City Is a Cultural Oasis; Liverpool 2008 Relies upon the City's Galleries and Museums. but How Does Art Turn into Cash for the Region? Laura Davis Reports

Daily Post (Liverpool, England), June 19, 2007 | Go to article overview

City Is a Cultural Oasis; Liverpool 2008 Relies upon the City's Galleries and Museums. but How Does Art Turn into Cash for the Region? Laura Davis Reports


Byline: Laura Davis

AMID the flutes of Champagne and with streamers covering the floor near his feet, Sir Jeremy Isaacs praised Liverpool for winning Capital of Culture.

On that day, the day when the city's hopes were realised and its reputation began to change for the better, the judges' chairman said the reason he had placed his faith in Liverpool was for its fine buildings and strong arts organisations.

Yet, in a city full of cranes and roadworks, it is sometimes easy to forget that next year we are celebrating a year of culture - not one of new buildings and shopping centres.

Though the arts may seem like an added extra - a luxury that comes only once the place we live in has dealt with its many problems - this sector is intrinsically linked to regeneration.

For not only does it inspire new uses for forgotten old buildings, there is evidence that it also draws hundreds of thousands of people into the region each year to spend their money here.

Research carried out by Tate Liverpool found that 31 % of last year's visitors to the Albert Dock gallery cited it as their main reason for being in Liverpool.

In addition, a study by the Northwest Development Agency concluded that 107,000 of the 225,000 (48%) overseas visitors to Liverpool in 2003 spent time in at least one of National Museums Liverpool's venues, which include The Walker and the Maritime Museum.

Tony Travers, of the London School of Economics, produced an economic report for NML in November, 2005, which estimated that, including Tate Liverpool and the city's other museums and galleries, that proportion would be "likely to approach 75%".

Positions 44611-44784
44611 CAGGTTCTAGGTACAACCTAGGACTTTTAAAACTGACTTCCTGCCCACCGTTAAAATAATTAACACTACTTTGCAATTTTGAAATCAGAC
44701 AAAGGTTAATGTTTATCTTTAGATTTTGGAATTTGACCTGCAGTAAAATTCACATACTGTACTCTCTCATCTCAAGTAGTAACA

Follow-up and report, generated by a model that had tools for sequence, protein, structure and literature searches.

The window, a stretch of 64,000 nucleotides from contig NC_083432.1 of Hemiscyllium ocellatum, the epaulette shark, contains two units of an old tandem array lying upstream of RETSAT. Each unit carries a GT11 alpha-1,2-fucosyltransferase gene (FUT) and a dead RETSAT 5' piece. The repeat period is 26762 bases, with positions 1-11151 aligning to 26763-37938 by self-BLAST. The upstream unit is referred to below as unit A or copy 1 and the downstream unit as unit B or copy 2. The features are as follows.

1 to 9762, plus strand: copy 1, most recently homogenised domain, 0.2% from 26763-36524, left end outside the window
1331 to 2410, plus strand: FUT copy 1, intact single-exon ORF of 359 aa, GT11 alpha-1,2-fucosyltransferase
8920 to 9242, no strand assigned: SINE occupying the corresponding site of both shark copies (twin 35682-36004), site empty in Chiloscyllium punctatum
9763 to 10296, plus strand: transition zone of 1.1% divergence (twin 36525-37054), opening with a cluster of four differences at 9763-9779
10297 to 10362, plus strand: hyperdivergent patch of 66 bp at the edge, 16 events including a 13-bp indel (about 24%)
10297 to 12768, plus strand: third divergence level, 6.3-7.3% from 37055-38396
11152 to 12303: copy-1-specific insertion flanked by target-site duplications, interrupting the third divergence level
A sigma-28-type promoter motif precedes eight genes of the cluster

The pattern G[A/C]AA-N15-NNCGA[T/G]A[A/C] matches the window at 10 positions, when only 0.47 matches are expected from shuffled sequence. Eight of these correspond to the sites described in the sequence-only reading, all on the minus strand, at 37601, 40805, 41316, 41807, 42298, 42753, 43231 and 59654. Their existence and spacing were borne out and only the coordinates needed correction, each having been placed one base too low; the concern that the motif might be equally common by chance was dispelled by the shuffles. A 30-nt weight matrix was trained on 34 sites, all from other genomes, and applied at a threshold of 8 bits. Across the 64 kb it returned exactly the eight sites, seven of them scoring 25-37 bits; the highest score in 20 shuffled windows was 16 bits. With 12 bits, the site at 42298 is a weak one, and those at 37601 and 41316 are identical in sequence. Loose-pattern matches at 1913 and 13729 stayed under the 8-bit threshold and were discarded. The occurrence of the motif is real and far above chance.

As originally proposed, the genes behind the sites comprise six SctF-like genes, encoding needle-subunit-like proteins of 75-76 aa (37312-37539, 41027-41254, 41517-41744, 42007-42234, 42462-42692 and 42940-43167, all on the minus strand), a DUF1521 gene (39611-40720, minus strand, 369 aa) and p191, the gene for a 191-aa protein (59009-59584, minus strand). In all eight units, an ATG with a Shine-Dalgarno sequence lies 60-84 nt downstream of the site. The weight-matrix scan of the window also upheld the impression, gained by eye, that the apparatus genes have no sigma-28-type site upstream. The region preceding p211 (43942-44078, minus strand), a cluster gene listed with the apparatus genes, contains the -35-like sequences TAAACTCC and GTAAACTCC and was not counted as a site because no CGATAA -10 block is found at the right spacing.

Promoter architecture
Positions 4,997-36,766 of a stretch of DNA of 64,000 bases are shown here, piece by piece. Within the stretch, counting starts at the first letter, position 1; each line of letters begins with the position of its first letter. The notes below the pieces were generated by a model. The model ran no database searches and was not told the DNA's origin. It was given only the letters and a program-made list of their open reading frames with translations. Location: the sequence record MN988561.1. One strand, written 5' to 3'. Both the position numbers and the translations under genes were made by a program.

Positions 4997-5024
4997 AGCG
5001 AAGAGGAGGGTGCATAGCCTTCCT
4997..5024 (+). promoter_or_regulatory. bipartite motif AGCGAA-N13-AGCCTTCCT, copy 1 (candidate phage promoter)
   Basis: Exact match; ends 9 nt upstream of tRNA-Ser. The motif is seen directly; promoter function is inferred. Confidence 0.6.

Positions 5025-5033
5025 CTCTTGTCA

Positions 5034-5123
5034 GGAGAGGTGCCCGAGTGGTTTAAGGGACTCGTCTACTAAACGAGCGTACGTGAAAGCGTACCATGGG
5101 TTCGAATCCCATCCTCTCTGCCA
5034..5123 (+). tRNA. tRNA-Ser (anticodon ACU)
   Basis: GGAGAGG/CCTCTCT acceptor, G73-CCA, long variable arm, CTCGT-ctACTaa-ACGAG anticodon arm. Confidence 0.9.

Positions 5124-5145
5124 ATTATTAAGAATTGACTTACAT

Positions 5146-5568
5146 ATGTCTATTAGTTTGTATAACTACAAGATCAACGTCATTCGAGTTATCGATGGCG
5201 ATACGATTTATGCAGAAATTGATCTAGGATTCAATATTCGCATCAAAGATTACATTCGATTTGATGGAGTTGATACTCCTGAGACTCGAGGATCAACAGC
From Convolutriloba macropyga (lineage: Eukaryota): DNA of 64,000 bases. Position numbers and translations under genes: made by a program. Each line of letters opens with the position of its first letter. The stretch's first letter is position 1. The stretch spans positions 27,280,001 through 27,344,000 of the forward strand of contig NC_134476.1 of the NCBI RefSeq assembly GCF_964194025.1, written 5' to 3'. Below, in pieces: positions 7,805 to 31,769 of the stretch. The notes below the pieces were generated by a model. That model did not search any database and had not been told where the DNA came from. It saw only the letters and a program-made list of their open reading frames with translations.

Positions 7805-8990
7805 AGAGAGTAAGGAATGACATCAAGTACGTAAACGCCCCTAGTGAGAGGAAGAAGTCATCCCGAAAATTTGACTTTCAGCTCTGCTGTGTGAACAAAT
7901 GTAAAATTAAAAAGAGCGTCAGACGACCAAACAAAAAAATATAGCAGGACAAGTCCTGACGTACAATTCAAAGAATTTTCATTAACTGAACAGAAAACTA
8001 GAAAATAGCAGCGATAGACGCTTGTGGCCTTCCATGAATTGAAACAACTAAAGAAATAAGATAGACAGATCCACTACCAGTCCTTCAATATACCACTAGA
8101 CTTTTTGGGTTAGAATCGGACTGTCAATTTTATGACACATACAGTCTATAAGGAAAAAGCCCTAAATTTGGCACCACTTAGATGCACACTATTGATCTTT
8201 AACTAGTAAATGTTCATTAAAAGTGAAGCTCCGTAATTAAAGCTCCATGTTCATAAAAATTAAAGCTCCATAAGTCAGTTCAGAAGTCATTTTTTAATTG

"As a national museums group we're really focused on visitors from Liverpool city as a region but we've also got a remit to make sure that we cater for UK and international visitors as well," explains Tracey McGeagh, NML's head of marketing and communications.

"Tourists are becoming increasingly important because of 2008. There'll be a lot more tourists coming into the city and we want to make sure they visit our venues.

"We're convinced that having a really lively exhibitions programme makes a big difference. This year, we've got 19 exhibitions across all venues.

"I think it's important to have a really strong family friendly offer. There are exhibitions like Animated Adventures and An Eye for Colour that really do attract a lot of family visitors."

Tourists tend to be drawn by particular exhibitions as well as individual works of art. The Egyptian gallery and the planetarium at World Museum Liverpool, the new Titanic display at the Maritime Museum and the Big Art gallery (for children) at The Walker are among the most popular.

The Walker's And When Did You Last See Your Father, which was painted by William Frederick Yeames, in 1878, depicting an imaginary scene in a Royalist house during the English Civil War, is one of the gallery's most popular works.

To the Merseyside region, the financial benefits of having strong museums and galleries are palpable. According to Tate Liverpool, its 566,291 visitors in 2006 generated pounds 14. …

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